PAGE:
Soprano Amy Johnson’s repertoire encompasses over two dozen roles ranging from Donna Anna in Don Giovanni to the title role in Salome. Ms. Johnson has earned special praise for her portrayal of Puccini’s Tosca, which she has performed with over a dozen companies, most notably New York City Opera as seen on PBS's Live from Lincoln Center. She has appeared in leading roles with Vlaamse Opera in Antwerp, Indianapolis Opera, Portland Opera, Spier Festival in South Africa, Palm Beach Opera, Michigan Opera Theater, Festival Musica e Musica in Italy, Austin Lyric Opera, and Arizona Opera, among others. She created the role of Manuela in the world première of composer Thea Musgrave’s Simón Bolívar for Virginia Opera, subsequently reprised for the BBC Proms at London’s Royal Albert Hall. She made her Carnegie Hall debut (Beethoven’s Symphony No. 9) in a benefit for South Asia earthquake victims. Other concert highlights include appearances with Orquesta Sinfonica de Xalapa, Bernstein’s Kaddish Symphony with Winston-Salem Symphony, Berg’s Lulu Suite with Kentucky Symphony, and Musgrave’s Three Women with San Francisco Women’s Philharmonic. Her first solo CD, Amy Johnson - Red, White and Blue: Arias of the Passionate, Pure and Perverse, will soon be released on the Hungaroton label. Ms. Johnson is a graduate of Grinnell College and holds a Masters degree from Manhattan School of Music. She was a member of the voice faculty at The University of Massachusetts-Amherst from 2008-13 and currently serves as Assistant Professor of Voice and Co-Director of Undergraduate Opera Workshop at the College-Conservatory of Music of the University of Cincinnati.
American baritone Thomas Meglioranza was born in New York City and graduated from Grinnell College and the Eastman School of Music. He was a winner of the Walter W. Naumburg, Concert Artists Guild, and Franz Schubert/Music of Modernity, and Joy in Singing competitions. He has sung Messiahs with the Houston Symphony, Oregon Symphony and Minnesota Orchestra, Eight Songs for a Mad King with the LA Philharmonic, Harbison’s 5th Symphony with the Boston Symphony, Bach cantatas with Les Violons du Roy and the Orpheus Chamber Orchestra, and Copland's Old American Songs with the National Symphony. He made his Wigmore Hall debut in 2008 singing modern American songs, and his WWI-era recital was named one of the “Ten Best Classical Performances of the Year” by the Philadelphia Inquirer. His operatic roles include Chou En-Lai in Nixon in China and Prior Walter in Peter Eötvös' Angels in America. Festival appearances include Tanglewood, Aspen, Ravinia, Grant Park, Marlboro, and the Australian Festival of Chamber Music. His discography includes Bach cantatas with the Taverner Consort, orchestral songs of Virgil Thomson with the Boston Modern Orchestra Project, as well as acclaimed albums of Schubert lieder and French mélodies with pianist Reiko Uchida.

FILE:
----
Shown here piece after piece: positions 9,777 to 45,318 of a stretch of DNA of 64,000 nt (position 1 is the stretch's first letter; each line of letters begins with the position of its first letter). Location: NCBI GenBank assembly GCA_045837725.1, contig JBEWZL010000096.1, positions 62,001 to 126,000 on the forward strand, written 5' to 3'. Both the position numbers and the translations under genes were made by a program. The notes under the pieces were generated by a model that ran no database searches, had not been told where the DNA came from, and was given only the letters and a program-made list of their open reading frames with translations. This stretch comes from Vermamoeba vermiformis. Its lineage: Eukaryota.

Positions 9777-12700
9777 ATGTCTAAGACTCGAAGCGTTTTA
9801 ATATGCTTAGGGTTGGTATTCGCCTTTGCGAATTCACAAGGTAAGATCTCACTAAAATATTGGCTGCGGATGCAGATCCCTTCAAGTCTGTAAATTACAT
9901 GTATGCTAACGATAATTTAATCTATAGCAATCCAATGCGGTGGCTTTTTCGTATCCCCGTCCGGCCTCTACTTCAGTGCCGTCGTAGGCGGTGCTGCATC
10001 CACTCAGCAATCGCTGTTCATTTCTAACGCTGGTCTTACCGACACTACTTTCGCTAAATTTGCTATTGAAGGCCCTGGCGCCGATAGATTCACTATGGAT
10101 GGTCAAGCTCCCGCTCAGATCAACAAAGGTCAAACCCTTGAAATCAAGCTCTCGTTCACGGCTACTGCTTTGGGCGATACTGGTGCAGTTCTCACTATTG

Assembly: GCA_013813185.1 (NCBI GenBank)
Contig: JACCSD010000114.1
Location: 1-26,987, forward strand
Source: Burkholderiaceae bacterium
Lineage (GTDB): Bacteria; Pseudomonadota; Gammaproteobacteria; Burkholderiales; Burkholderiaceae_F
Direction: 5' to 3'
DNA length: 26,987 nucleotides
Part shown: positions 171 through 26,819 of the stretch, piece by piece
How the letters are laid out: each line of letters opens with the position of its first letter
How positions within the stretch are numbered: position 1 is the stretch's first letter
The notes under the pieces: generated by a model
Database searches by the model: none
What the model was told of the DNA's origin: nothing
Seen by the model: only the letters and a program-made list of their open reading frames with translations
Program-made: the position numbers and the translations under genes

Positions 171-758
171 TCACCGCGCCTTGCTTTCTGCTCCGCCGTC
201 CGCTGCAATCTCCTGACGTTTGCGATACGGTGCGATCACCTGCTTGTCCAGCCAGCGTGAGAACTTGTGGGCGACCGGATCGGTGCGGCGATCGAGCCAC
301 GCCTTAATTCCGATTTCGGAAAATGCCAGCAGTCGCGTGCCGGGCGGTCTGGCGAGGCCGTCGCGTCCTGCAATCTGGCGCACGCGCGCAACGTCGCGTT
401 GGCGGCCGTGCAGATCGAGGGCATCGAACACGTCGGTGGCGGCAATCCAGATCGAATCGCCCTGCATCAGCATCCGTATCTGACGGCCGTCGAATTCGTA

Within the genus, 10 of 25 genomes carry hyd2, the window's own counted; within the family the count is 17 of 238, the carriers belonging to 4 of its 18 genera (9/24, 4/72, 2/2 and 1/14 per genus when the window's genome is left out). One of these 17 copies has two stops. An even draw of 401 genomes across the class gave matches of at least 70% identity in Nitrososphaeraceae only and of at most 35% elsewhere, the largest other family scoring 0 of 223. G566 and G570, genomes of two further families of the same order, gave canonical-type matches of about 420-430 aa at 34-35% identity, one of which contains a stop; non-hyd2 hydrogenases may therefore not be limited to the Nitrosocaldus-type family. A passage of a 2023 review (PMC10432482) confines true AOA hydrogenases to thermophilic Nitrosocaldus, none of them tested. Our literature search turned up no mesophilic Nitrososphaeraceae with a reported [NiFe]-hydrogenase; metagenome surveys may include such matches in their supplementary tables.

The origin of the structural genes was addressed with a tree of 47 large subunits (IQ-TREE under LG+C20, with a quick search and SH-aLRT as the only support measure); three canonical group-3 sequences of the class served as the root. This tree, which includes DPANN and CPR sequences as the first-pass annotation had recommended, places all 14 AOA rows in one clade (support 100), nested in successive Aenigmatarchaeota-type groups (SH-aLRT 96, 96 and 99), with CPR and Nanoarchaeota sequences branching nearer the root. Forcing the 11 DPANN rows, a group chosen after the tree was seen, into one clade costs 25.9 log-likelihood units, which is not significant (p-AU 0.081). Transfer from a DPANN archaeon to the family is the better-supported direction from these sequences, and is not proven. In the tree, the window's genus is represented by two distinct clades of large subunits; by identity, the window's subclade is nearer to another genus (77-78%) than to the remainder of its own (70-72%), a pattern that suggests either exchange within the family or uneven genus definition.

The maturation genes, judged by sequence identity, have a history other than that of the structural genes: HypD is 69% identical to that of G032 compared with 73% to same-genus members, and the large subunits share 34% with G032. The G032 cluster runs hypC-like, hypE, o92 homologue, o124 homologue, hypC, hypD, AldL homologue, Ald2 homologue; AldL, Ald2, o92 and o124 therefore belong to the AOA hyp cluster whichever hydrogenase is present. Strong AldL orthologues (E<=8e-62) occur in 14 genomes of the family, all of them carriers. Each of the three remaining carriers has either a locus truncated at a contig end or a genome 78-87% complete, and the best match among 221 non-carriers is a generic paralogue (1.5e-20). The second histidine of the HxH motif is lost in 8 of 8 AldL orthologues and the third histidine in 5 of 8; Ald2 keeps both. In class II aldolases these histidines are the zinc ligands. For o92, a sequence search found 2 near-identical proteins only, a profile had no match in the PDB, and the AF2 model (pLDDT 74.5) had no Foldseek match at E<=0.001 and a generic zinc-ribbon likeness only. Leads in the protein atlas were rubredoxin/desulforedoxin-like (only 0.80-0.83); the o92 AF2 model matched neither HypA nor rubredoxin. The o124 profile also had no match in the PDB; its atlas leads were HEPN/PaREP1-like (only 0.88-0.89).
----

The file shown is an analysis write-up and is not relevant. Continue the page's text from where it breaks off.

Tenor James Ruff has received critical praise for his versatile singing on both the concert and operatic stage. He has sung as soloist with such Early Music groups as the Handel and Haydn Society, Newberry Consort, King's Noyse, Aradia Ensemble, New York Collegium, Early Music New York, Music of the Baroque, NYS Baroque, My Lord Chamberlain's Consort, Ensemble Abendmusik, La Fenice, and Arcadia Players, and under such conductors as Christopher Hogwood, Andrew Parrott, and Jane Glover. As a specialist in French Baroque repertoire, he sang Charpentier's Messe de Minuit and Te Deum over the CBC airwaves from Toronto. He has made numerous tours singing the title role in The Play of Daniel, with Early Music New York, at the Spoleto Festival in Italy as well as in Florida, Tennessee, Missouri and New York City. He reprised this role with Gotham Early Music for Trinity Church-Wall Street’s Twelfth Night festival in December, which is already set to be repeated next year. On the concert stage, Ruff continues to sing the oratorios and concert works of Mozart, Bach, Haydn and Britten. This season has included a concert of early Gaelic music at the Boston Early Music Festival and a recital of early 20th century art song at Vassar College. He will sing Beethoven’s Mass in C with the Danbury Concert Chorus May 10th, and will perform early Celtic music with his group Duanlied at Beacon Hill Concerts in Stroudsburg, PA on June 14th. He currently teaches voice both at Vassar College and privately, and is director of music at Christ the King Episcopal Church in Stone Ridge, New York.
About Concerts Con Brio
Concerts Con Brio was founded in 2007 by Christ Church music director Laura Ramsey Russell as a music series that would present concerts to the Poughkeepsie community at Christ Episcopal Church, a beautiful and acoustically excellent space.
About Vassar College
Vassar College is a highly selective, coeducational, independent, residential, liberal arts college founded in 1861.